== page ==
Researcher biography

Dr Yasmina Sultanbawa. Her research is focused within the agribusiness development framework, specifically in the area of food processing, preservation, food safety and nutrition. Her current research includes the minimisation of post harvest losses through value addition and the search for natural preservatives to replace current synthetic chemicals. In addition, her research area also includes the challenge of nutrition security, in particular micronutrient deficiency (hidden hunger), lack of diet diversity and nutritional losses in the food supply chain, which are addressed by her work with underutilized Australian plant species and potential new crops. Her work on Australian native plant foods is focused on incorporation of these plants in mainstream agriculture and diet diversification Working with indigenous communities to develop nutritious and sustainable value added products from native plants for use in the food, feed, cosmetic and health care industries is a key strategy. The creation of employment, economic and social benefits to these remote communities is an anticipated outcome. She considers it a privilege to engage with these communities and is very passionate that her work will have a positive socio-economic impact.

Research Focus

  • Functional ingredients (natural additives)

Functional food/feed/nutraceutical ingredients with enhanced nutritional and phytochemical profiles are obtained from specialty crops (Australian native plant foods) and industry co/by-products. Natural additives are obtained from raw materials of vegetable, fruit, herbs/spices or microbiological origin. An example is plant extracts which can provide e.g. antioxidants, shelf-life extension (natural antimicrobials), trace-nutrients (vitamins/ minerals) and novel flavours. Innovative technology solutions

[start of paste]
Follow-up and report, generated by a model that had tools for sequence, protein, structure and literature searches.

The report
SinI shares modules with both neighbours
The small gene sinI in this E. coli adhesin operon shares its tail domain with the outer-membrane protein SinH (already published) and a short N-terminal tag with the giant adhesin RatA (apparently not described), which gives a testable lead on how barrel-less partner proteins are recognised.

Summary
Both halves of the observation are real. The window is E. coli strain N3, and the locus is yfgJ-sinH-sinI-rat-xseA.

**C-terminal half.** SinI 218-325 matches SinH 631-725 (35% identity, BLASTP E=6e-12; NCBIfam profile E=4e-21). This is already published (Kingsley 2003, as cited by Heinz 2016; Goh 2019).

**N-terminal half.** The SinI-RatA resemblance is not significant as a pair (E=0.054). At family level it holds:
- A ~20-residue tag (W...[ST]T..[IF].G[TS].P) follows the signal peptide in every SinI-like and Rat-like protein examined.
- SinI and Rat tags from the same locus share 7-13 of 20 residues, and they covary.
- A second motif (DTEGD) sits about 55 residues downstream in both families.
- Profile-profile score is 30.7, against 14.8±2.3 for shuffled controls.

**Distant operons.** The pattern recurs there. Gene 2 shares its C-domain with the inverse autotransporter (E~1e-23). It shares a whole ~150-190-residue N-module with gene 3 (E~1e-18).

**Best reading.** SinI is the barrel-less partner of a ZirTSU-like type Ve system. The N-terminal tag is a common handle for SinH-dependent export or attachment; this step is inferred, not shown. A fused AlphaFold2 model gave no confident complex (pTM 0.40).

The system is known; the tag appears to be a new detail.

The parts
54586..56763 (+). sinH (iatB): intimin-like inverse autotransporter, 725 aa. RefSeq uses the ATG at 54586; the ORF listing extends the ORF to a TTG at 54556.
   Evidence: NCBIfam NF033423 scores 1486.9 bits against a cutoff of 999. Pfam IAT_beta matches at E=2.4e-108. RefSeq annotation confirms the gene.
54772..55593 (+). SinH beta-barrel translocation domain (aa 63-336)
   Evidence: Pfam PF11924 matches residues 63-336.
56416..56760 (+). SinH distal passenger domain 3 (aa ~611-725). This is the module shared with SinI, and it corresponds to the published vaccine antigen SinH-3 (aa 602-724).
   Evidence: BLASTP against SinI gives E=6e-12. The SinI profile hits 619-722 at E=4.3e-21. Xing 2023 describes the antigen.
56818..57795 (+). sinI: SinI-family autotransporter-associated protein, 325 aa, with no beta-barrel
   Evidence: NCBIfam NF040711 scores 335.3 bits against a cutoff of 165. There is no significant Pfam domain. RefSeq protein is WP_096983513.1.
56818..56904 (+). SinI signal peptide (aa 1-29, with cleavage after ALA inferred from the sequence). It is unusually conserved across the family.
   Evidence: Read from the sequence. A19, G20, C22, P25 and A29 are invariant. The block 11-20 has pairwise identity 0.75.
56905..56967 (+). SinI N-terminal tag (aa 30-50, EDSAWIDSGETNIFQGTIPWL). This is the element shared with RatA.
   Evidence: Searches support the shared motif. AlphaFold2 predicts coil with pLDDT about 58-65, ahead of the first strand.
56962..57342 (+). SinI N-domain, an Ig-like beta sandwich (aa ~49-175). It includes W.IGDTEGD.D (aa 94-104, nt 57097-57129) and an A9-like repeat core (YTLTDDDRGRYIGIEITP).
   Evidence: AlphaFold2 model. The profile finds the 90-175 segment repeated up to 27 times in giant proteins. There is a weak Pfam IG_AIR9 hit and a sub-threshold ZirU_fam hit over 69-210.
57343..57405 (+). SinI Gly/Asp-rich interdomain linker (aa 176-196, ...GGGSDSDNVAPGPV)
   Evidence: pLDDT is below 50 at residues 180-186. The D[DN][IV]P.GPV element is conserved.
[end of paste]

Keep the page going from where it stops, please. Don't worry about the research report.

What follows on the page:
• Novel packaging systems

Development of active, biodegradable packaging material with natural additives for shelf life extension, smart packaging with nanosensors for the effective detection of food contaminants, microperforated packaging systems with optimised modified atmospheres for fresh foods and high barrier packaging material for herbs and spices are practical objectives of her research. Engineered nano-delivery systems for plant bioactives Develop nano-platforms for targeted delivery and controlled release of plant bioactives including antioxidant and antimicrobial products, through testing of in vitro activities and shelf life under various conditions.

  • Photodynamic treatment

Photodynamic treatment or photosensitization is a novel light and photo dye based approach which offers promising alternatives to conventional methods for the control of microorganisms. Plant bioactives such as curcumin has been successfully used to control mycrotoxigenic fungi. This technology has potential as a decontamination tool to reduce the microbial load in food and feed.

  • Food safety

Her research focus in this field includes intervention strategies to inhibit and prevent food-borne pathogens and spoilage organisms in fresh food and beverages, elucidating mechanisms of antimicrobial action, shelf-life extension with natural antimicrobials, retaining bioactivity during processing and storage, search for natural inhibitors from Australian native plants, use of bioactive honey from Leptospermum polygalifolium (Jelly bush) in treating microbial wound infections.